Fluorescent Lights

SuperTester123 says:
Thanks! This saves me from replacing our kitchen lighting until we do our big renovation.
Thanks! This saves me from replacing our kitchen lighting until we do our big renovation.

A new fluorescent fixture is inexpensive and easy to install, so replacing rather than repairing is often the better option. Before you do, however, quickly check the components in this order: the tube, the starter (if any), the sockets, and the ballast.

Very old fluorescents have both a heavy ballast and a starter. More recent models have rapid-start ballasts and no starter. The latest models have electronic ballasts, which are nearly maintenance-free.

Fluorescent fixtures are often flimsy. Check that sockets are firmly seated and not cracked. Tubes should fit snugly between the sockets.

An old, delayed-start fluorescent flickers a few times before coming on as the starter delivers a burst of energy to get the tube going. A newer, rapid-start fixture has a ballast that supplies extra power when turned on so the light comes on immediately. A circular fluorescent differs from a straight tube only in shape.

Troubleshooting Fluorescents

When faced with the following problems, work your way through the solutions one by one until the light functions.

Does not light
Twist a tube to tighten it or replace the tube. If there is a starter, replace it. Replace a damaged socket. Replace the ballast or the fixture.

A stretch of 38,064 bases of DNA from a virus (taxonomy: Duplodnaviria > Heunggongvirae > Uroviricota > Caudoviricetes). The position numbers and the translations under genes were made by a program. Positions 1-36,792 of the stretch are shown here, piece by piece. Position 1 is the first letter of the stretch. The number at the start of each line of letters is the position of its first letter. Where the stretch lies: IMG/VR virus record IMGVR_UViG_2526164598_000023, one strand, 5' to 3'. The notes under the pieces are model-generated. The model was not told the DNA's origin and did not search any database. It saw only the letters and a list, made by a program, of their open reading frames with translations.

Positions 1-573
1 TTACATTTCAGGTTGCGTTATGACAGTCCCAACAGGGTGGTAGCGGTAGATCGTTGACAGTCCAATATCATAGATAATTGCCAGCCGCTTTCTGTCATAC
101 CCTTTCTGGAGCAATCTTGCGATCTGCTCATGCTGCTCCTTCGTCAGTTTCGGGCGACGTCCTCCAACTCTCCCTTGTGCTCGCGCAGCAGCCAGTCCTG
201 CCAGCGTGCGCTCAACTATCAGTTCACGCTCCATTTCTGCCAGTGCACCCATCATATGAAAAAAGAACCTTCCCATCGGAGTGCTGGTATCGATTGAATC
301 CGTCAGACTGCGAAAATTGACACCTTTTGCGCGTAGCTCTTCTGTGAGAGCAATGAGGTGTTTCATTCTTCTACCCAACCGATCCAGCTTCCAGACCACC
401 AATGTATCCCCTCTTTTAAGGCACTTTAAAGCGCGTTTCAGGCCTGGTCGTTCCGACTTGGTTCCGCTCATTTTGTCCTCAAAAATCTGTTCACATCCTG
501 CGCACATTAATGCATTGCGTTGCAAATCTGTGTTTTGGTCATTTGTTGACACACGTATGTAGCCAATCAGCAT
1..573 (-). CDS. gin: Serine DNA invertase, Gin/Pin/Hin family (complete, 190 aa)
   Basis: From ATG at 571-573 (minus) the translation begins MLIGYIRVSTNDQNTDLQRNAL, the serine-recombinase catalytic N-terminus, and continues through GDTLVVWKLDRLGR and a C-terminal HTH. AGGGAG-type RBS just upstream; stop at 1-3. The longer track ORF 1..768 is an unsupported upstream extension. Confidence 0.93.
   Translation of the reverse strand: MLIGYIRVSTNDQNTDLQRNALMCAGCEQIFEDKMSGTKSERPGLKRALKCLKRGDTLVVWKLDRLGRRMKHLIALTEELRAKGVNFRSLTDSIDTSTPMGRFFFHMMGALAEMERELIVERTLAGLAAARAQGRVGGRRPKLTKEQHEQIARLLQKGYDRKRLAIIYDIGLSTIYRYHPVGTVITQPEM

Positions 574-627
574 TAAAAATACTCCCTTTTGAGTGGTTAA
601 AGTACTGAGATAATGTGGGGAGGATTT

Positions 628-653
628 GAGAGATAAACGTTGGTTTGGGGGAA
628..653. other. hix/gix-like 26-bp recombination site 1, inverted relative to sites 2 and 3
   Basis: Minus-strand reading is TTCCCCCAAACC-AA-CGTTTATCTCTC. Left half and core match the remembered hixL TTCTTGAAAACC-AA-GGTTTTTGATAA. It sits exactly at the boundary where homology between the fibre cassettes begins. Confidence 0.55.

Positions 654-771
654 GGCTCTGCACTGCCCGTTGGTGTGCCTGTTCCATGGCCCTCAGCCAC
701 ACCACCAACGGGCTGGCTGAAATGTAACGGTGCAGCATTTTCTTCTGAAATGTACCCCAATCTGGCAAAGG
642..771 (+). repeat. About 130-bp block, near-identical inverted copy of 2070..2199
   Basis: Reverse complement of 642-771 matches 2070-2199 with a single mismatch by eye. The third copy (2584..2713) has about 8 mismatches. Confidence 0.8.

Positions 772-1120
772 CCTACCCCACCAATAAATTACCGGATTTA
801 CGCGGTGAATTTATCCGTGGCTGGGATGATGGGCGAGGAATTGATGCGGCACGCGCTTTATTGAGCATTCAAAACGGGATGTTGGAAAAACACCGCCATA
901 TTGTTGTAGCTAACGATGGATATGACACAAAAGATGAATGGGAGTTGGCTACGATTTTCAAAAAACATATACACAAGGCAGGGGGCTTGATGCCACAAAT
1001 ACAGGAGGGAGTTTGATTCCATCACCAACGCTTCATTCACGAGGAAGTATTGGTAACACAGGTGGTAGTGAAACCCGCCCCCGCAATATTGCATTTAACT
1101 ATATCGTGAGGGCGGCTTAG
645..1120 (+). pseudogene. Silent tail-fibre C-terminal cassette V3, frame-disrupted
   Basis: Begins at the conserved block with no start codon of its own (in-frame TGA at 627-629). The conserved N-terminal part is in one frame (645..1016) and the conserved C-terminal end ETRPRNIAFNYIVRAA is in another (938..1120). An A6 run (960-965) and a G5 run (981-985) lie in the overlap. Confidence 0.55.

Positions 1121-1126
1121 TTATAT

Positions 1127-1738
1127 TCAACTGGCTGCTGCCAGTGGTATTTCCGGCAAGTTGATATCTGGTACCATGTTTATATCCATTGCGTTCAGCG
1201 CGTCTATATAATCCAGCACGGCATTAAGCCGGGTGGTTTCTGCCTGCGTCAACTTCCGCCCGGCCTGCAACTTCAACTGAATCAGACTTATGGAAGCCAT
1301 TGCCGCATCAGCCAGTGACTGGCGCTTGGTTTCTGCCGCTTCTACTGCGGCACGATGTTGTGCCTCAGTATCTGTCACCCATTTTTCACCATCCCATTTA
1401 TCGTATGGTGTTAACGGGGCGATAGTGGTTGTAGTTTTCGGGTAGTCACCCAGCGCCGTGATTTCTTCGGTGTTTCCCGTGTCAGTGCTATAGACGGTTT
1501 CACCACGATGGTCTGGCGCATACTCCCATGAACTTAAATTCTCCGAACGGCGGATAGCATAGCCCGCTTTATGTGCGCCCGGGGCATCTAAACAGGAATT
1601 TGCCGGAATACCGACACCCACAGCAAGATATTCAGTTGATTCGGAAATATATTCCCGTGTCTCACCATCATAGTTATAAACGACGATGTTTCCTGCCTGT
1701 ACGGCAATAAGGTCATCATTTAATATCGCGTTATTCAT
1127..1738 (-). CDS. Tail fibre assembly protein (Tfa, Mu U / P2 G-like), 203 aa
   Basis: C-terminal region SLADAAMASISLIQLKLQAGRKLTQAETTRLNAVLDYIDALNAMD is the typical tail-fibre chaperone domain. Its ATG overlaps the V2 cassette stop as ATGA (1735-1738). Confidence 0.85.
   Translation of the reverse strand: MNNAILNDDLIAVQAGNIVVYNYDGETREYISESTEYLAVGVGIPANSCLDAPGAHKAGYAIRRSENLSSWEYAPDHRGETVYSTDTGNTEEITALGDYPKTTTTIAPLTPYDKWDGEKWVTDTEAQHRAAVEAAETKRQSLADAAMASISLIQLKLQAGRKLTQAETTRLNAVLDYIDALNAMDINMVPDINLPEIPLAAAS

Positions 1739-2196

Tube is blackened
If only one end is black, turn the tube around. Replace the tube if both ends are black.

Flickers or takes a long time to light
Tighten, turn around, or replace a tube. If there is a starter, replace it. Replace the ballast or the fixture.

Hums and/or seeps black gunk
Don't touch the seepage with your fingers. Wear gloves. Tighten the screw securing the ballast. Replace a leaking ballast or the fixture.

Fluorescent Types
Rotating Tubes

If a tube is black at both ends, replace it. If it flickers or does not come on, try rotating it in the socket until it seats firmly or until the light comes on.

Removing and Replacing Tubes

To remove a tube hold both ends and rotate until you feel it come loose at one end. Guide the pins out of the socket. To install a new tube, insert pins into one socket and guide the pins into the other socket. Rotate the tube a quarter-turn until you feel it seat or until it lights.


If a fixture has a starter, replace it every time you replace a tube. Be sure to buy a starter with the same serial numbers as the old one. If a tube is slow to light, tighten the starter. If that does not solve the problem, replace the starter. If the light still doesn't work, the ballast is to blame.

Replacing Sockets: Step 1

Replace a socket if it is cracked or does not hold the tube firmly. Some sockets just slide out, while others are held in place by a screw. If you cannot remove the wires, cut them near the socket.

Replacing Sockets: Step 2

Buy a replacement to match the old socket. Strip 3/4 inch of insulation from each wire end and push the wire end into the hole of the new socket. Push the new socket firmly into the fixture.


Comments (1)
SuperTester123 wrote:

Thanks! This saves me from replacing our kitchen lighting until we do our big renovation.

3/1/2010 10:07:31 AM Report Abuse
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